What comes to mind when you think of “mistake?” Typically, it’s “I’m wrong” or “I’ve done something wrong.” Your failure suddenly translates through negative self-talk as “I’m a failure.” Instead, you should rethink your position on that idea and make more mistakes.
You may make mistakes every day of your life and plague yourself with guilt because of it. Now imagine a child carrying that heavy weight of guilt around when they could use mistakes as a learning opportunity. Perfection is overrated — make more mistakes!
It’s difficult for both parents and children to overcome negative perceptions of mistakes, but when you make more mistakes, you create more learning opportunities when mistakes become areas of improvement. Eventually, you succeed at your goal and feel positive about yourself.
Science Says It’s Good for You to Make Mistakes
One MRI study in 2015 found that making a mistake has the potential to feel rewarding if the brain is given an opportunity to learn from the mistake and assess options. When the brain obtains enough data to contextualize a situation and choices it leans toward reinforcement instead of avoidance, triggering the “ventral striatum,” or reward circuit area, of the brain.
The brain has two ways of learning: avoidance learning and reward-based learning. With avoidance-based learning, the brain trains itself to avoid making a mistake, whereas reward-based learning provides a positive reinforcement when the right answer is reached. While many children are raised with positive reinforcement these days, they still associate “mistake” with “failure.”
A recent study revealed that children with growth mindsets paid more attention to errors and improved their performance after the mistake was made. The fixed mindset (intelligence set in stone) participants were only likely to improve at a task if they also paid close attention to the “why” behind their errors.
Instead of children or adults shying away from mistake discussions, they should consider mistakes as areas of improvement and ways to learn about life and oneself:
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1. Mistakes Teach Life Lessons
Making a mistake is part of human nature — and you learn about life when you learn from your mistakes. See your mistakes as lessons and you’ll lose your fear of making mistakes in the first place.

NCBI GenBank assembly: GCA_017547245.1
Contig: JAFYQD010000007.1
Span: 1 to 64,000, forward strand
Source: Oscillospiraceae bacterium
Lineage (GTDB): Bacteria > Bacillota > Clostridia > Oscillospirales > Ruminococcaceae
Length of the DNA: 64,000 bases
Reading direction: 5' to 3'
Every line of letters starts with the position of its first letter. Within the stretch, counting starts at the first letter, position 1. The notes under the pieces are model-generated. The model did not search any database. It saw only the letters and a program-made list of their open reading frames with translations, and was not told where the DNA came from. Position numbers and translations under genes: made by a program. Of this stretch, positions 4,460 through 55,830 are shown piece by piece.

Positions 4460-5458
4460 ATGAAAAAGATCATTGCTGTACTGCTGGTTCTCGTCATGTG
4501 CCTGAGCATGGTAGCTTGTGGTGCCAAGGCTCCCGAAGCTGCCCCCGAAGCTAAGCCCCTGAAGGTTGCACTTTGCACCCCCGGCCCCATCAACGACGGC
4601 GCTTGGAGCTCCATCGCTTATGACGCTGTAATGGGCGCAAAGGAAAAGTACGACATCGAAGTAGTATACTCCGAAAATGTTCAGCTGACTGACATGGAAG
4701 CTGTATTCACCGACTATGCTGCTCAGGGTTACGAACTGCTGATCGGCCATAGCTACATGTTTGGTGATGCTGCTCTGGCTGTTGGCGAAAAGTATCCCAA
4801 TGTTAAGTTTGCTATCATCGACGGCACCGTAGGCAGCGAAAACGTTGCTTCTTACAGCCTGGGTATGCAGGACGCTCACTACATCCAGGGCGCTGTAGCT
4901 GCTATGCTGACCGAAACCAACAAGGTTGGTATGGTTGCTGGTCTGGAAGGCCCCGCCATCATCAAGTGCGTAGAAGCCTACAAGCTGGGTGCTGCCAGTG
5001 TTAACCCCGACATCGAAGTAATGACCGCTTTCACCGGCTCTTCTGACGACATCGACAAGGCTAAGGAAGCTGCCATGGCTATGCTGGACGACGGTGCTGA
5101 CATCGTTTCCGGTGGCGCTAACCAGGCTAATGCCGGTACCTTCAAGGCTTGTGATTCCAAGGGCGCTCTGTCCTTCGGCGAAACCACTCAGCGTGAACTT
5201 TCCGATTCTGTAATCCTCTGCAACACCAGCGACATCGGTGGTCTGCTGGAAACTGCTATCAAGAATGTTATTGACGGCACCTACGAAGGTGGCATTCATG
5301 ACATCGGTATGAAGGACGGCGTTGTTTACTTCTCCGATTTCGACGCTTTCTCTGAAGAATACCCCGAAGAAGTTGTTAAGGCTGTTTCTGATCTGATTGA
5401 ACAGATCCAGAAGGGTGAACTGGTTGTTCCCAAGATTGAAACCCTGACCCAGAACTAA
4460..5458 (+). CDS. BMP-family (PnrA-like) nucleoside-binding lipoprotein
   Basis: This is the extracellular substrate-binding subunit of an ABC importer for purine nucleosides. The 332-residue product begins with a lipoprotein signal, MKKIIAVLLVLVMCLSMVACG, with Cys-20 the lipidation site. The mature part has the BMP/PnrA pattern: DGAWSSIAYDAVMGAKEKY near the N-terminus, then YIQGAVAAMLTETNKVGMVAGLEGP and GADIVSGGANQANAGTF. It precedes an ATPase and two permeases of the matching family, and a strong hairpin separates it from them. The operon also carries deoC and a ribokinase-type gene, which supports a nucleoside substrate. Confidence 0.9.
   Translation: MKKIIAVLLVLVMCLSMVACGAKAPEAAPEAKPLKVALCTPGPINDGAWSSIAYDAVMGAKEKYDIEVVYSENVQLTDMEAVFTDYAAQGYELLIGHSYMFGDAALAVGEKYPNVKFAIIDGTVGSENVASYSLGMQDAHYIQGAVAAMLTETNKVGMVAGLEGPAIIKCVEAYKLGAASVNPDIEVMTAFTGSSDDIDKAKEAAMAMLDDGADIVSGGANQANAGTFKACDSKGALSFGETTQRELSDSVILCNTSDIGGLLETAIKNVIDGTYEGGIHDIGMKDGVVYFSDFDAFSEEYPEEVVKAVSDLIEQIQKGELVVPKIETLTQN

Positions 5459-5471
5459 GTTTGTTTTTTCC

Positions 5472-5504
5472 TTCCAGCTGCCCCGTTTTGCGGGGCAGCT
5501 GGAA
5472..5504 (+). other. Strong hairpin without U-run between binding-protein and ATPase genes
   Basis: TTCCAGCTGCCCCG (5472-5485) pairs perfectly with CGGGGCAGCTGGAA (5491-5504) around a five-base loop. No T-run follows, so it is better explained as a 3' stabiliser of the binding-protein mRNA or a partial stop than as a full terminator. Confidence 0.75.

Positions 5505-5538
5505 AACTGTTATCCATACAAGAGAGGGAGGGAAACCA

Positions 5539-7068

Many life lessons are bittersweet, but they also bring you relief even when you learn it the hard way.
2. Mistakes Teach Forgiveness
It’s easy to forgive someone when they forget something off of the grocery list. A simple reminder solves the problem. It’s more difficult when you attach meaning to the consequence of the mistake, such as a child or spouse breaking a vase that belonged to your mother who passed away when you were twelve.
However, if you’ve broken something precious to someone else, you’re able to empathize with them, offer a sincere apology and feel the relief that comes with being forgiven. You’re also able to extend forgiveness and pass on the good vibes.
3. Mistakes Release Fear
Never making a mistake is the worst mistake you could make. When you expect to make a mistake and let fear and anxiety rule your logic, attitude and actions, you will make one. Relax and say to yourself: “Yeah, I’m probably going to make a mistake, but there’s always another way to get it done.”
Where there’s a will, there’s a way, after all. Let mistakes release your fears.
4. Mistakes Make Growth Possible
Instead of remaining stuck, see mistakes and potential mistakes as opportunities for growth. Permit yourself to make mistakes.
When you learned to swim, you made mistakes but eventually succeeded. It was the same with learning how to ride a bike. When you make mistakes in relationships and overcome them — or overcome them in a way you didn’t expect — you grow as a person.
5. Mistakes Help You Discover Who You Are
For every mistake you make, you discover more about yourself. You learn more about your limits, capabilities, likes and dislikes and what you can do or won’t do:
- You know that you’re allergic to chocolate, that you hate rabbits and love rock climbing.
- You know that you can’t be in a relationship with someone who is too distant, too clingy or clips their toenails in the living room.
- You know that your humor may sometimes go too far, but most of the time you’re great at making people laugh by having learned to laugh at yourself.
- You know that you’re wicked good at geometry but need to work on your pool game.
Don’t give up or equate making a mistake with being a failure. Look closely at the errors and contextualize your choices. How and why did this occur?
Mistakes teach life lessons. They also teach us how to forgive and even help us release fear. Mistakes show you more about yourself and make growth possible. So? Make a mistake today!
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